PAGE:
A picture of HS.748-378 Series 2B (c/n 1784) ZS-TPW in Comores Aviation Livery in a place called Anjouan (2004) -- (©) Photo by AJ Burger
ZS-TPW was ferried to Comores Aviation at Moroni on 25Jun04 for a lease by Executive Aerospace of S.Africa.
This immaculate plane is a C-54G (N51802 c/n35930) , then owned and flown by Jim Blumenthal. The event was the August 2000 World Free fall Convention held in Quincy Illinois. Mark Meltzer (me) is the jumper in blue. Photo by Steve Crane who has given permission for its non profit use as long as he is given credit as the photographer.
I was on your website and saw the picture of NC8403. I believe I have a photo of this plane, taken at Felts Field, Spokane, Washington in 1929. However, the name on the plane is "West Wind" and the lettering that can be read on the fuselage says "....ER-AIR TRANSPORT". On your website it shows this plane to be purchased by Ptarmigan Airlines and that it crashed. It would be nice to have more of the history of the plane.|
I talked to one of the people in the picture, my aunt, who is now 87, and she recalls that there was a special reason they had gone to Felts Field that day. My grandfather, Legrand Woolliscroft, took the picture with a box camera. After researching some more, I believe that this was the West Wind owned by Nicolas Mamer from Spokane and the reason that my family was there was his historic transcontinental endurance flight from Spokane to New York and back. (In the Buhl Sesquiplane) He returned on August 20, 1929 and this would correspond to the date on the picture and the dresses (not coats) of my family members. There is a web site on Nick Mamer and it shows many photos of Felts Field, VIP's, etc. Another picture, taken by Charlie Libby, a famous Spokane photographer, shows the "West Wind II" in 1932.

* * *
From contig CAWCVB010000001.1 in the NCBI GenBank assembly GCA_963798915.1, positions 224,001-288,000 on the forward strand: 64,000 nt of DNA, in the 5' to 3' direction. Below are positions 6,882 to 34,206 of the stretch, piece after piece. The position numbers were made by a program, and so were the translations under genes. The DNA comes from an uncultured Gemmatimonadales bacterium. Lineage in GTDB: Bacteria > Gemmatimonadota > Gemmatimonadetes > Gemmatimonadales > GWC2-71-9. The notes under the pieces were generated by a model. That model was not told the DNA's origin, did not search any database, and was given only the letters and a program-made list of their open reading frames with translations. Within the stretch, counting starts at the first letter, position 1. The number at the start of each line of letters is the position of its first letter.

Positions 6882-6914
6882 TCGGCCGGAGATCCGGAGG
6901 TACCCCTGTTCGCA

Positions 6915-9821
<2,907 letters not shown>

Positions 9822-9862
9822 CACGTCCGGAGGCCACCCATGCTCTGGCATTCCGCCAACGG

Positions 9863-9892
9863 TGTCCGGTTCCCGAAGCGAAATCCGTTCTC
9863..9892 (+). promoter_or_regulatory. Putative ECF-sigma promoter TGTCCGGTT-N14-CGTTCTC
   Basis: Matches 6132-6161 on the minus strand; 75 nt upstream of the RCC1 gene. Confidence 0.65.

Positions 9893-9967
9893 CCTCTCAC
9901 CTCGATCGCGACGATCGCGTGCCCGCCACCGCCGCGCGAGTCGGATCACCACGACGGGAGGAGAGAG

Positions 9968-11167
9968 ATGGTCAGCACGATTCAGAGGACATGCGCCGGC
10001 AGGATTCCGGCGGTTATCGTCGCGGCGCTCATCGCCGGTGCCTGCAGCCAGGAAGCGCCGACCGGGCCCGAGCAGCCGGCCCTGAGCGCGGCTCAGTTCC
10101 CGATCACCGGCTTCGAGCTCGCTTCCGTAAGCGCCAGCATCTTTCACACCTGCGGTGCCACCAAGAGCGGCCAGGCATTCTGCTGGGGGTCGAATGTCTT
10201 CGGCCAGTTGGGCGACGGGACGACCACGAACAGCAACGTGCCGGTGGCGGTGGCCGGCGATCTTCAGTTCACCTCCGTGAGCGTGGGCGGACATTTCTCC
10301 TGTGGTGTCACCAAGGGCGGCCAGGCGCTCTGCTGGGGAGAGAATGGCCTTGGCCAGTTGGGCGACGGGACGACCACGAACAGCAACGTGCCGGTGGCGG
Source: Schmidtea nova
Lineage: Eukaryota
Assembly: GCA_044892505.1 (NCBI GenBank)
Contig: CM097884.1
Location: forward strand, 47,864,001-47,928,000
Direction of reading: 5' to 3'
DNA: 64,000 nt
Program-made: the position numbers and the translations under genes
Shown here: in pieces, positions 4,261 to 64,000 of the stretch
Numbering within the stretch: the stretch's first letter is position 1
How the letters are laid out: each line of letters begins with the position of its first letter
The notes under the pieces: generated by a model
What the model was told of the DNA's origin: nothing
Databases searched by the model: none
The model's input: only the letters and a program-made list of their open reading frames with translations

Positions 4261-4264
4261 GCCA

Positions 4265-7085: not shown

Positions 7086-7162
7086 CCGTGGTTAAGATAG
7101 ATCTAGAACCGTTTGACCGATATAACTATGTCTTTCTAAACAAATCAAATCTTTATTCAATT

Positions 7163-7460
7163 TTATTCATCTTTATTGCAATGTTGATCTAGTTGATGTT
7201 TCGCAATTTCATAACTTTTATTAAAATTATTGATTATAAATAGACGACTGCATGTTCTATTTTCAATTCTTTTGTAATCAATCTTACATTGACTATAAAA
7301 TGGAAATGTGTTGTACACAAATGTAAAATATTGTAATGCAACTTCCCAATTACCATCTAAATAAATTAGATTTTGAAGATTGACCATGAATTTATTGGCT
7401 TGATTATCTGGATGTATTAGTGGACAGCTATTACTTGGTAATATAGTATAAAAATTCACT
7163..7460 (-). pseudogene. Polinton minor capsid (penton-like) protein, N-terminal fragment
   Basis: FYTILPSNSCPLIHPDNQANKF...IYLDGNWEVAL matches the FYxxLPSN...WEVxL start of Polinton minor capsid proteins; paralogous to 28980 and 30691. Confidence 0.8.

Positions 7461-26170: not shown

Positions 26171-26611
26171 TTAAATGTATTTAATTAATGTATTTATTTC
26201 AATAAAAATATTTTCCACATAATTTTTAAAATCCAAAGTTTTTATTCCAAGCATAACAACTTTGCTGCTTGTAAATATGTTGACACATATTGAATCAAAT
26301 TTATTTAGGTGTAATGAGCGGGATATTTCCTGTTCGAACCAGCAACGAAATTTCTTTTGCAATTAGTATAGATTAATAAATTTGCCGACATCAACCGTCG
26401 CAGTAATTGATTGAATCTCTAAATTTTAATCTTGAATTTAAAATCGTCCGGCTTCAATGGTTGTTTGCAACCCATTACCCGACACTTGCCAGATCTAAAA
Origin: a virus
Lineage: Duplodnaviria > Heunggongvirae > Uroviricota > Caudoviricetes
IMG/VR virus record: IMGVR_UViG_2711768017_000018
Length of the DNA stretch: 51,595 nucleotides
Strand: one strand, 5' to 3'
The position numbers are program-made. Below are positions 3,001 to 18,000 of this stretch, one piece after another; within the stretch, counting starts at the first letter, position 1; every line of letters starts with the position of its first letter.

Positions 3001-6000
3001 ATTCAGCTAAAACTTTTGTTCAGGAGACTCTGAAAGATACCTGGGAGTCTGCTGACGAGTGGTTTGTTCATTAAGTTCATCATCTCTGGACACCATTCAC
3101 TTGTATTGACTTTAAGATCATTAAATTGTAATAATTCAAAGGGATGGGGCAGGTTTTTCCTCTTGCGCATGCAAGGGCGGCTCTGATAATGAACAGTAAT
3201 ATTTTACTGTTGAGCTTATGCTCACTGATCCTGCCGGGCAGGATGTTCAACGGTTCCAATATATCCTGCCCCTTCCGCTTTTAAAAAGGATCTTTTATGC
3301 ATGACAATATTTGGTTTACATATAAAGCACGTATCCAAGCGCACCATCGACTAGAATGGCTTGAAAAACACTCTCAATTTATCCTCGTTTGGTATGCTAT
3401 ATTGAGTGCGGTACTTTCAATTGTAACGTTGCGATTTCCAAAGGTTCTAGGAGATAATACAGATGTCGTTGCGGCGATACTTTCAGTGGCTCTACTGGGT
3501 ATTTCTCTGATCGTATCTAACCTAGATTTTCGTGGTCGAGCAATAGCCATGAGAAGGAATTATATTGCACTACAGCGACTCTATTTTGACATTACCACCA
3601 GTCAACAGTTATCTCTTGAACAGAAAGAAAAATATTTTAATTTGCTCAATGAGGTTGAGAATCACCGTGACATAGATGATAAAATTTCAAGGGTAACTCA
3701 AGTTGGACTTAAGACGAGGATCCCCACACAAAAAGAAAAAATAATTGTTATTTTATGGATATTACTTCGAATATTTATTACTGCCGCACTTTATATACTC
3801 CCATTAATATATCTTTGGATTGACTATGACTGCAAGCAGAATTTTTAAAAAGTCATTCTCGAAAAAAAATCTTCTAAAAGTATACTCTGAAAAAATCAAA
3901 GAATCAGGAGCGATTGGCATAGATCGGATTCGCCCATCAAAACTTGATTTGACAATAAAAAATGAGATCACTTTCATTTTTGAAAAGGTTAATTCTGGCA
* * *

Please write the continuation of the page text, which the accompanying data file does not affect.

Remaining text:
My interest in this is a result of my husband comparing the Ford Tri-motor to a Junkers Tri-motor at Shell Mara, Ecuador for a friend he was writing to about a rescue mission he was on when he was stationed in the Canal Zone, for 5 missionaries in 1956 (Missionaries Aviation Fellowship). Thank you for your interest and we look forward to hearing from you.
Ed and Kathleen Praxel (Wash,USA).
Nick Mamer Tribute Photo Gallery
Brief History of Nick Mamer to Jack Knight Air Log
Felts Field Historic District
Don Shenbarger wrote me (Feb05):|
From Art Wiggins listing page:
4-AT-E c/n 65 [NC8403]. 1929; Mamer Flying Service, Spokane WA.
LOCATION: Alaska Aviation Heritage Museum.
Possible restoration. Not on FAA records.
See also www.aerofiles.com/ford-locator.htm
From Bill Larkins' book:
First flight 5-1-29. Delivered 7-10-29 to Mamer Flying Service, Spokane, WA.
5-5-34 Tom Marshall Kester and Edward H. Groenendyke, Pasedena, CA.